Dress Code

Most questions that we receive concerning clothing have been about what to bring and how much to bring. We have heard comments such as, “I brought too much,” or “the instructions were not clear enough.” Therefore, we have expanded the information regarding our dress code and what clothing to bring to the conference in the hope that you will understand exactly how we apply our dress code and that you will know exactly what you should bring.

green shirt

  • Dress attire for conference will be as follows: YLC Conference t-shirt, full-length jeans or Khaki pants (No holes, rips etc. and they must be worn above the hips), belt (solid colors with absolutely NO Designs), closed toed shoes (No sandals or shower clogs are permitted). You will be provided a YLC Conference T-Shirt at time of registration. The color of your T-shirt will be the same as the other students assigned to your team. The only exception to the prescribed dress code is our dinner dress requirements which are described in the section below. Social hour is the only time the conference t-shirt or dress attire is not required. (Please keep social hour attire appropriate and in good taste). We suggest you bring good walking shoes and light rain gear; also, our sleeping and classroom facilities are kept very cool so we recommend you bring a light sweater, jacket or similar lightweight attire. Neither backpacks nor purses are allowed during conference  meeting hours.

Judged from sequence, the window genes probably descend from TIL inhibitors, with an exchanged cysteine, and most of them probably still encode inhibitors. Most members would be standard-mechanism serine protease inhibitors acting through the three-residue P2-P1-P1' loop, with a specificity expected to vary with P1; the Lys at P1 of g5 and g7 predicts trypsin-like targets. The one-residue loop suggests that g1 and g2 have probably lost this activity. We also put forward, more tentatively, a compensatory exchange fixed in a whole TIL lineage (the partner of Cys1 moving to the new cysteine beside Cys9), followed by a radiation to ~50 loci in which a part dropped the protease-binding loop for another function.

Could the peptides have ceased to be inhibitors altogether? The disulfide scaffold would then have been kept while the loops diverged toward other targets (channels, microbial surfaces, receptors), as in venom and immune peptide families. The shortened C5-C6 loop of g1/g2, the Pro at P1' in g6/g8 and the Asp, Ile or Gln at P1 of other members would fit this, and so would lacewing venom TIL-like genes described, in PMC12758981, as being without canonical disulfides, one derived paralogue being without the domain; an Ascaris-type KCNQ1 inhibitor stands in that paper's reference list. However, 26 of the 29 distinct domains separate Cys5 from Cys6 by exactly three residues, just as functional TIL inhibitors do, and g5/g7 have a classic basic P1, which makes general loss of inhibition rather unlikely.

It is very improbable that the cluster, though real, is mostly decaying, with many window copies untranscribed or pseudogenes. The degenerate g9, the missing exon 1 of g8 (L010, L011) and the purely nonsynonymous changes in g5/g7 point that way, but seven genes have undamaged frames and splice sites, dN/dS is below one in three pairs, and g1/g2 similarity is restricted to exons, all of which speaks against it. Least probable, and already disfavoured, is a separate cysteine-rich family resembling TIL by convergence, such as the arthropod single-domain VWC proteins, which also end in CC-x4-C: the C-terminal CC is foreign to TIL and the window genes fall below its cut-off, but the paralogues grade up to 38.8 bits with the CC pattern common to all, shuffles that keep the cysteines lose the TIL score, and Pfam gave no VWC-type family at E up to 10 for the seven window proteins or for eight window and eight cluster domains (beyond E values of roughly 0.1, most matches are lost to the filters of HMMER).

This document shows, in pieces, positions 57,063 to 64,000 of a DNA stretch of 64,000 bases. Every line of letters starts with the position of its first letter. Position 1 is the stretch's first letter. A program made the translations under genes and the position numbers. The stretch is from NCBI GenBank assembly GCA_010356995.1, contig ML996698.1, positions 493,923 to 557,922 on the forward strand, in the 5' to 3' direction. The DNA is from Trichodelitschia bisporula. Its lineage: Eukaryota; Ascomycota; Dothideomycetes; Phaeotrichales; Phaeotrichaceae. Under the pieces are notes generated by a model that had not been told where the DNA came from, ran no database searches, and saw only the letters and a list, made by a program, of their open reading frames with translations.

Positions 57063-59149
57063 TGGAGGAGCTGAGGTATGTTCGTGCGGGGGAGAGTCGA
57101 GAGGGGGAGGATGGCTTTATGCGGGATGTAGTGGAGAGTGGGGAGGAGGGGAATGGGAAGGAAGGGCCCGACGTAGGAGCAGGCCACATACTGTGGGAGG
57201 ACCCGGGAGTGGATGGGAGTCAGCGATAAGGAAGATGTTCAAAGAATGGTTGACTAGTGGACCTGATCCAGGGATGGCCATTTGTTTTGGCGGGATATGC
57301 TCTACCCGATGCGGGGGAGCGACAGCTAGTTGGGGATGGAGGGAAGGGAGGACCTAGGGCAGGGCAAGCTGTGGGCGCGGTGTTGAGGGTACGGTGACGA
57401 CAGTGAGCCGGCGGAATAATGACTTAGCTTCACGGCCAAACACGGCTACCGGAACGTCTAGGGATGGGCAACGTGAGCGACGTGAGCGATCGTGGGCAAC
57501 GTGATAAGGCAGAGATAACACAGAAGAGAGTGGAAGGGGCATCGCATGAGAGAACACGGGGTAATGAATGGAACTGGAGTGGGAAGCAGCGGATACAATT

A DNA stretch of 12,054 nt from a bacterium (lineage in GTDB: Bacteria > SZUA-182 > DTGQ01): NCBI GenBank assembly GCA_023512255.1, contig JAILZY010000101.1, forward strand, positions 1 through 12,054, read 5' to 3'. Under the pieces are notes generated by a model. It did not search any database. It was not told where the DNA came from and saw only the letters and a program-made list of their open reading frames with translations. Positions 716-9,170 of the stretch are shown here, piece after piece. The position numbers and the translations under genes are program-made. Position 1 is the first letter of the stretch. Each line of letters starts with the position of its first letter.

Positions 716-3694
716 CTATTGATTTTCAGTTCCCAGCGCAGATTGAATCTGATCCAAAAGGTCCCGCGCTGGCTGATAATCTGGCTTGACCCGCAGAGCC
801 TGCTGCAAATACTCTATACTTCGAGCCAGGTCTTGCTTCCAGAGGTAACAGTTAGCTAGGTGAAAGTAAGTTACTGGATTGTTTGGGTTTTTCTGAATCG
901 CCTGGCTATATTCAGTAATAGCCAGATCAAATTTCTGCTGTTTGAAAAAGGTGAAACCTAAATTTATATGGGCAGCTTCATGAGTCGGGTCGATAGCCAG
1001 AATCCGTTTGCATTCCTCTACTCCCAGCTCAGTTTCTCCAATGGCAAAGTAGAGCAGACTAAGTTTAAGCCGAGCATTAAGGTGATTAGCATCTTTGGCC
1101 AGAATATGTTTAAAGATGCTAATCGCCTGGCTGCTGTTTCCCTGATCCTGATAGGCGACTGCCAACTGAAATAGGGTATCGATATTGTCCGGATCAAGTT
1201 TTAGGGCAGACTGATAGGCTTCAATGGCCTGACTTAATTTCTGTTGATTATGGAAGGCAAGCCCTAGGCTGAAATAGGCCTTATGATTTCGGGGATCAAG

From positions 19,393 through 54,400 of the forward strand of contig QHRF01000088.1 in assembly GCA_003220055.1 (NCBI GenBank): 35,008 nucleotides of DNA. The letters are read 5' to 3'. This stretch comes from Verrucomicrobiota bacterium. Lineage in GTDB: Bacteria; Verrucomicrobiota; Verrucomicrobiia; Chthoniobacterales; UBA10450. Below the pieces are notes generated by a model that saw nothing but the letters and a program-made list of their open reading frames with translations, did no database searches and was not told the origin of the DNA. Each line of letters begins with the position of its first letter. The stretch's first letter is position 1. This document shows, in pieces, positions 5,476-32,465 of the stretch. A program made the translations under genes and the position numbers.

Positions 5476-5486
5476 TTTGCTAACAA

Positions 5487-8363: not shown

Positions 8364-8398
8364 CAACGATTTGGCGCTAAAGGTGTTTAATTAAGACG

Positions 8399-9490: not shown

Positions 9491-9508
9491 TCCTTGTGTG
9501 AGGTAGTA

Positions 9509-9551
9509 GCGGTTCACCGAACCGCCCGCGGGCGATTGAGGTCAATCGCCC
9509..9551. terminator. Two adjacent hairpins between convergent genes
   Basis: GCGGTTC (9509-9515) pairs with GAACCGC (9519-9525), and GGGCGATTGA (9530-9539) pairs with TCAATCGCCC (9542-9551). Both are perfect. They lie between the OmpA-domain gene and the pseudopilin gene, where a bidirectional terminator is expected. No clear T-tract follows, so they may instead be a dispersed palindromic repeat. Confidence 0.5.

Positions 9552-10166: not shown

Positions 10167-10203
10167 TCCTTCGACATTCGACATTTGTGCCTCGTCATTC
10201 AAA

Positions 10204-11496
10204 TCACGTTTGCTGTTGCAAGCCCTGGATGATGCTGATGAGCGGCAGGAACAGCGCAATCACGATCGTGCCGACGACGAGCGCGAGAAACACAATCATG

• We dress for dinner! That means dressing up – a minimum of a coat and/or shirt with tie or uniforms for men and similar appropriate BUSINESS attire or uniforms for our ladies. Uniforms are always acceptable dinner-hour dress for both men and women. Ladies, please keep strap width at 2” minimum (No spaghetti strap or strapless attire unless covered). THERE ARE NO EXCEPTIONS!

“Our dress code is that which is accepted by BUSINESS ladies and gentlemen everywhere. Dress for the occasion, neat, clean and combed — with manners.


Your cooperation will insure that we maintain an air of dignified informality.


Updated: 17 December 2019